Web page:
Double Vision :: Bifocal :: No Sleep Records
as reviewed by Steve 'Flash' Juon

[Bifocal] "It's D.I.Y. or D-I-E
D.I.Y. or we don't, eat"

Move over Twin Hype, hip-hop's got a brand new genetically identical duo, and judging by their opening track they're ready to D-I-E. Double Vision's rappers go by the names Mackamillion and Mr. Mackmore, but in real life they're twin brothers Jonathan and Jarred Lindsay. From their group name to their album title, they're working with double entendre, as the cover of "Bifocal" features both rappers rocking specs. You may think you're seeing double when you see them, but odds are they'll be seeing double if they look at you without them. Is this overkill in selling the gimmick for this rap group? It would be if their publicity department sent a pair of glasses in the package. I'm not kidding though - that actually happened recently. A label sent me a pair of 3D glasses to "enhance the experience" of watching their artist's music video online. My prescription is not bifocal, but it IS real, and the idea of rocking a pair of glasses OVER my glasses has always been ass. That's why you won't catch me at "Saw 3D" or "Jackass 3D" any time soon.

I'll assume Jonathan and Jarred really do need their glasses despite the fact it fits the "Bifocal" gimmick, but you won't need a prescription of any kind to see what they're working with. There's an intentional effort to be eclectic throughout their relatively short eight track album, reflecting what their bio describes as a diverse childhood that stretched from Cali to the Midwest to the Dirty South. As they moved from one locale to the next, they picked up on a different flavor at each stop along the way, while maintaining a singular fascination with rap's oratorical side described as "rhyming before they were out of their Underoos." I doubt tapes of THOSE raps would be a best-seller, but the songs of "Bifocal" are far more advanced than goo-goo and ga-ga. The Stress produced "Walk On By" is a light breezy affair that's Arrested Development meets Pigeon John:

"Baby doll get with it or get lost
I'm a young single man with the world in his hands
I want you as my girl, want you in my world
But you was never really part of the plan, and
What you see is what you get, no chain, no car
And I'm far from rich, I'm hardheaded
Try to tell me what to do and it's likely, there might be, a small glitch
Give it to you straight, no games or pitches
I don't wanna fight; I'd rather hold hands and kiss and if you like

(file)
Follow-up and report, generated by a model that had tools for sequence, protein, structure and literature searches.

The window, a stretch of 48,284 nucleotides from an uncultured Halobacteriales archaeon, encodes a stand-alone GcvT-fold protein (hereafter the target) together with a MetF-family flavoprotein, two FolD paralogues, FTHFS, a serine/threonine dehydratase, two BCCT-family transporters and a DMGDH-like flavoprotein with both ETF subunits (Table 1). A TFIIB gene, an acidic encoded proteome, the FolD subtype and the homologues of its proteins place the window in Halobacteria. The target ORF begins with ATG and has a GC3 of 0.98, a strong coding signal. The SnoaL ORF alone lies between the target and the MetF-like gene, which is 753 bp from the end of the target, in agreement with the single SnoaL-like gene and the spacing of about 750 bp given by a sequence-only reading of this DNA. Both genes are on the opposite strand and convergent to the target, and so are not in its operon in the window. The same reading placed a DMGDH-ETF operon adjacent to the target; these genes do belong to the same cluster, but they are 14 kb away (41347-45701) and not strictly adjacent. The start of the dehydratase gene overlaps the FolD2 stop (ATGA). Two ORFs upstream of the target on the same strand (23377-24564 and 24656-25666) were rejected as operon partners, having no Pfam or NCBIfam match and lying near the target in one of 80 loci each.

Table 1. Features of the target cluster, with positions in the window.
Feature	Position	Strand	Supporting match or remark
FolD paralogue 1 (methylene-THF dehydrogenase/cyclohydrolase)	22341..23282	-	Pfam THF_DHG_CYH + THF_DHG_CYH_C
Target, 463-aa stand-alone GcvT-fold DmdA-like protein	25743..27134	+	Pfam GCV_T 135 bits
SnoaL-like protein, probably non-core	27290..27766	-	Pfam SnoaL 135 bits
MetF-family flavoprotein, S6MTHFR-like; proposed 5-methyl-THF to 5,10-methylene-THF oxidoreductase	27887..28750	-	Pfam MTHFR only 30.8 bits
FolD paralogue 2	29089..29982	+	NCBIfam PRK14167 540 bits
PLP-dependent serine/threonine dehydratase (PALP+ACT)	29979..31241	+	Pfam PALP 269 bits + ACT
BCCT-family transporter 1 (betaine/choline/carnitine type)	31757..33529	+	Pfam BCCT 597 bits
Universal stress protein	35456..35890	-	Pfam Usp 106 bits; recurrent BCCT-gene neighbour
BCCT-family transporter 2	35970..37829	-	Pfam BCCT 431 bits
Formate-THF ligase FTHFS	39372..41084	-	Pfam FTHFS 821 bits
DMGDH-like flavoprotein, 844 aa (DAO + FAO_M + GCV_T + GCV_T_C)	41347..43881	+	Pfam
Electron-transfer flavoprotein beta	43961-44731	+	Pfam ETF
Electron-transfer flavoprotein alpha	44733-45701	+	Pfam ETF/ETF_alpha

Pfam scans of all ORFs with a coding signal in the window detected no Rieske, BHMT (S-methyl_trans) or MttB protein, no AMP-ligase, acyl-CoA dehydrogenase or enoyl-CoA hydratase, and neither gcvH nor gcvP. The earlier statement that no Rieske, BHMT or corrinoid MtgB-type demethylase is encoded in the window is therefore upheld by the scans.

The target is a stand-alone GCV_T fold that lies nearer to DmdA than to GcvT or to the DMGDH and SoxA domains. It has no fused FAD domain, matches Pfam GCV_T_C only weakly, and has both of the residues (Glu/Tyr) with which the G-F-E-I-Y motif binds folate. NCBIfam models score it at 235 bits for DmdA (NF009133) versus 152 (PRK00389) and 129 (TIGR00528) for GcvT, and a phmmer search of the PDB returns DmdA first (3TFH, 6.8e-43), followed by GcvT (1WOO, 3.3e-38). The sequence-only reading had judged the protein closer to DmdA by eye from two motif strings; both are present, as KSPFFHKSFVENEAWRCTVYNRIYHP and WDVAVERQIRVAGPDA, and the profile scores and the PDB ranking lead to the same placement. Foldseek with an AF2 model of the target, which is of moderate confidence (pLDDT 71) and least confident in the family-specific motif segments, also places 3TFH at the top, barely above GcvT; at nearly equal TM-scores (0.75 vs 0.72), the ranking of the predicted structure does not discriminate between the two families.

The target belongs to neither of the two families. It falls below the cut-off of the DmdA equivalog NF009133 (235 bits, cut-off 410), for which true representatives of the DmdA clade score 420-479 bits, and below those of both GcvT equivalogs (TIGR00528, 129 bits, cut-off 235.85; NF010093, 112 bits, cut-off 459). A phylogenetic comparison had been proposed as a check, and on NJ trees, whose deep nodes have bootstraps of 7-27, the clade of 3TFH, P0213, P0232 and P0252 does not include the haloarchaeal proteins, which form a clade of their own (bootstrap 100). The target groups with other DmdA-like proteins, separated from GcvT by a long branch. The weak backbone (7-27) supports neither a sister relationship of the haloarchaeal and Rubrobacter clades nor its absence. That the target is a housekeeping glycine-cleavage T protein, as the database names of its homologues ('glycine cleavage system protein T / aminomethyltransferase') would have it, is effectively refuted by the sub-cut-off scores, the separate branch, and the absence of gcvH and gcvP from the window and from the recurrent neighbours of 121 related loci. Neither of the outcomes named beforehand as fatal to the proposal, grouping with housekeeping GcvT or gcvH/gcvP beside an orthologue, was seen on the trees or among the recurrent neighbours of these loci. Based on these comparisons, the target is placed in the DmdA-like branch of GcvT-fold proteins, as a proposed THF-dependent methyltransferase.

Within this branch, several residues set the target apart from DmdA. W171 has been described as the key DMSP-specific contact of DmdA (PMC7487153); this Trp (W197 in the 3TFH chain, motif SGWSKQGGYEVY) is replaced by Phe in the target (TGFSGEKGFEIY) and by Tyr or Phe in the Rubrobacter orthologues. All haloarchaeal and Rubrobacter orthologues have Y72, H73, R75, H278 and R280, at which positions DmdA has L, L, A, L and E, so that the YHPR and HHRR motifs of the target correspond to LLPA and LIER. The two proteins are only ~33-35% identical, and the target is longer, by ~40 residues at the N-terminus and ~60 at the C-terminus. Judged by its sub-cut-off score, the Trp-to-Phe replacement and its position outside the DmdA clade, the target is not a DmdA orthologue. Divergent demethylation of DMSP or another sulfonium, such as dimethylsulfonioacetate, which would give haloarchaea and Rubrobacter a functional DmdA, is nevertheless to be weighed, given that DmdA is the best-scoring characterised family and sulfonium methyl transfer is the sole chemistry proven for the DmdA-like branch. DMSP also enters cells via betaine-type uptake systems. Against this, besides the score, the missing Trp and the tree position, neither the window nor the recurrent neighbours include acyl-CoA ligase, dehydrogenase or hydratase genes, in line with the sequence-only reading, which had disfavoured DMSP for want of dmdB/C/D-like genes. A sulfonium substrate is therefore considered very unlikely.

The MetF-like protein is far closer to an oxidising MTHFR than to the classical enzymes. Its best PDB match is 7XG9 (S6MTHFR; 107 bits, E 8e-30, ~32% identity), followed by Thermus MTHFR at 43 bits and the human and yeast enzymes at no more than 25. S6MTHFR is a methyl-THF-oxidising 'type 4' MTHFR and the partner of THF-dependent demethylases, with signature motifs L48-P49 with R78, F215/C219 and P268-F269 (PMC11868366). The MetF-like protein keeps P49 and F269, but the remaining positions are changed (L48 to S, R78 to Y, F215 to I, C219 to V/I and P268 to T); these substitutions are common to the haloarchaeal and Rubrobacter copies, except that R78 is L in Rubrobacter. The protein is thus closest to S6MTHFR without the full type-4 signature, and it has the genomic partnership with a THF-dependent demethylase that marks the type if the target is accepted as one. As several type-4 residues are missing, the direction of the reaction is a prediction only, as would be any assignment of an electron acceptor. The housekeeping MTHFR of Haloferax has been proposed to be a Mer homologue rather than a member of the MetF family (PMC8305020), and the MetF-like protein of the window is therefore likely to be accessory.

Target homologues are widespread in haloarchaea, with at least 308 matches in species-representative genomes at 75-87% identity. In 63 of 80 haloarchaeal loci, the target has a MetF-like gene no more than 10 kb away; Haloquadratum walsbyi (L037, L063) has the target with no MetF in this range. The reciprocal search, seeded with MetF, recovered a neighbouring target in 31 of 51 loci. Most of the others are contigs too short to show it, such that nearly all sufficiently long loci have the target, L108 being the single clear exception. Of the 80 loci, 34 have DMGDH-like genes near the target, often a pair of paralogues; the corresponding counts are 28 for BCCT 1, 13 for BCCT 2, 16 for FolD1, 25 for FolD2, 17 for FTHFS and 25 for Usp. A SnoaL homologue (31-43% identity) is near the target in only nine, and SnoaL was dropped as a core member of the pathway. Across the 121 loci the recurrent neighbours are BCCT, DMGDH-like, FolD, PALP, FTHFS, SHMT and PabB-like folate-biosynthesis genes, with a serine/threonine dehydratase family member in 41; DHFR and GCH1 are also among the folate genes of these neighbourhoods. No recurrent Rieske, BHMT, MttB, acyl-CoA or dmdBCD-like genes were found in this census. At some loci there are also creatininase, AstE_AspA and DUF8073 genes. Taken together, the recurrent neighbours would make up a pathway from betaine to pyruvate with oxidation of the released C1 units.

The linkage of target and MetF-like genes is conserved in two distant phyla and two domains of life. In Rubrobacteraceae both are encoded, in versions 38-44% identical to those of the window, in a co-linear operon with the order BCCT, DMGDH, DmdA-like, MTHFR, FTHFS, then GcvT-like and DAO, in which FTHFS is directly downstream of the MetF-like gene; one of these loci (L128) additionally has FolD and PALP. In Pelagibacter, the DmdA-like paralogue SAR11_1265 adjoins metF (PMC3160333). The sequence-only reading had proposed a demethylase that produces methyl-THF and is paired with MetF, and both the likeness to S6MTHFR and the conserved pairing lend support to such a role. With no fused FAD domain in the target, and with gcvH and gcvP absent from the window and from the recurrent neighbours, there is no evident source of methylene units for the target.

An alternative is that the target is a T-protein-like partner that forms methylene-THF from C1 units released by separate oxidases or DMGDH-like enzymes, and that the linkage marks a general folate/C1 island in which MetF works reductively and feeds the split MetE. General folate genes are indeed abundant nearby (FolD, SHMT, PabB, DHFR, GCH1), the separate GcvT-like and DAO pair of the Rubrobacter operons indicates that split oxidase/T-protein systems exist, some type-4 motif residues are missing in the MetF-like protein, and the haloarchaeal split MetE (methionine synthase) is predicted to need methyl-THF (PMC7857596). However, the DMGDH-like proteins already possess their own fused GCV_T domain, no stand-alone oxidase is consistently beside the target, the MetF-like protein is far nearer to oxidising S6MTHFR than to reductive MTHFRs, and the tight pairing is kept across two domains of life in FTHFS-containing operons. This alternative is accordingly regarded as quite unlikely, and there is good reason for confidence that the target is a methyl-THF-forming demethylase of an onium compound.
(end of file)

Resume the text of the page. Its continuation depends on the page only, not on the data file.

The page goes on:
the sensitive type, then I'm that type of guy
You want to be with me then accept me for me
I'm givin you the truth; ain't no need for me to lie"

But just when you've got the impression they're on some hippie hip-hop shit, they do a complete one-eighty and ROCK IT OUT on "For My."

"Let's get to illin
Then put yo' damn hands up and touch the fuckin ceiling
Then start a damn bar fight, get caught with a hard right
This is rock-hop non-stop so we bang as in pop-lock
This style is loud, this style is wild
It hurts you can feel it in the verse
So caught up in this thang it makes me want to crowd surf"

Fans of Lil Jon, Big B or the Kottonmouth Kings would no doubt approve of what they're working with here - lots of guitars and attitude as they "party like rock stars" throughout the track. The chameleonic rappers of Double Vision change gears though and make a track you could mistake for New Boyz on the aptly named "Skinny Jeans" - complete with minimalistic beat and fashionable rap lyrics. And that's not all as they flip the script AGAIN for the quietly soulful "Father's Day" featuring Dale 'Uncle Perk' Perkins, a thoughtful tribute to the importance of having a strong father figure in your life. Once again Double Vision show off their transitional skills, fitting smoothly into the beat which seems at times like an even mellower version of Mtume's "Juicy Fruit."

The good news is that Double Vision are good at anything they choose to do, from horny horn hip-hop funk on "Other Side" to a purely J Dilla inspired rap track on "It's You." The bad news is that they are so good at doing everything they don't quite nail down any single thing. Obviously the diversity of their heritage is quite impressive as is their ability to reflect that verbally and in the choice of beats they put down their skills on. One's ultimately left with the feeling though that if they picked just ONE of these styles and put all of their focus and concentration on it, they'd not only find their place in hip-hop but define that hip-hop sound for a new generation. The bio for their CD describes their music as "Pharcyde (meets) OutKat mixed with Gym Class Heroes" and while that's arguably true, I'd like them to ultimately be as good or better than any one of them instead of a little bit of all of them. "Bifocal" is enjoyable on the whole yet leaves you wanting the twins to find their focus.

Music Vibes: 7 of 10 Lyric Vibes: 7 of 10 TOTAL Vibes: 7 of 10

Originally posted: October 26, 2010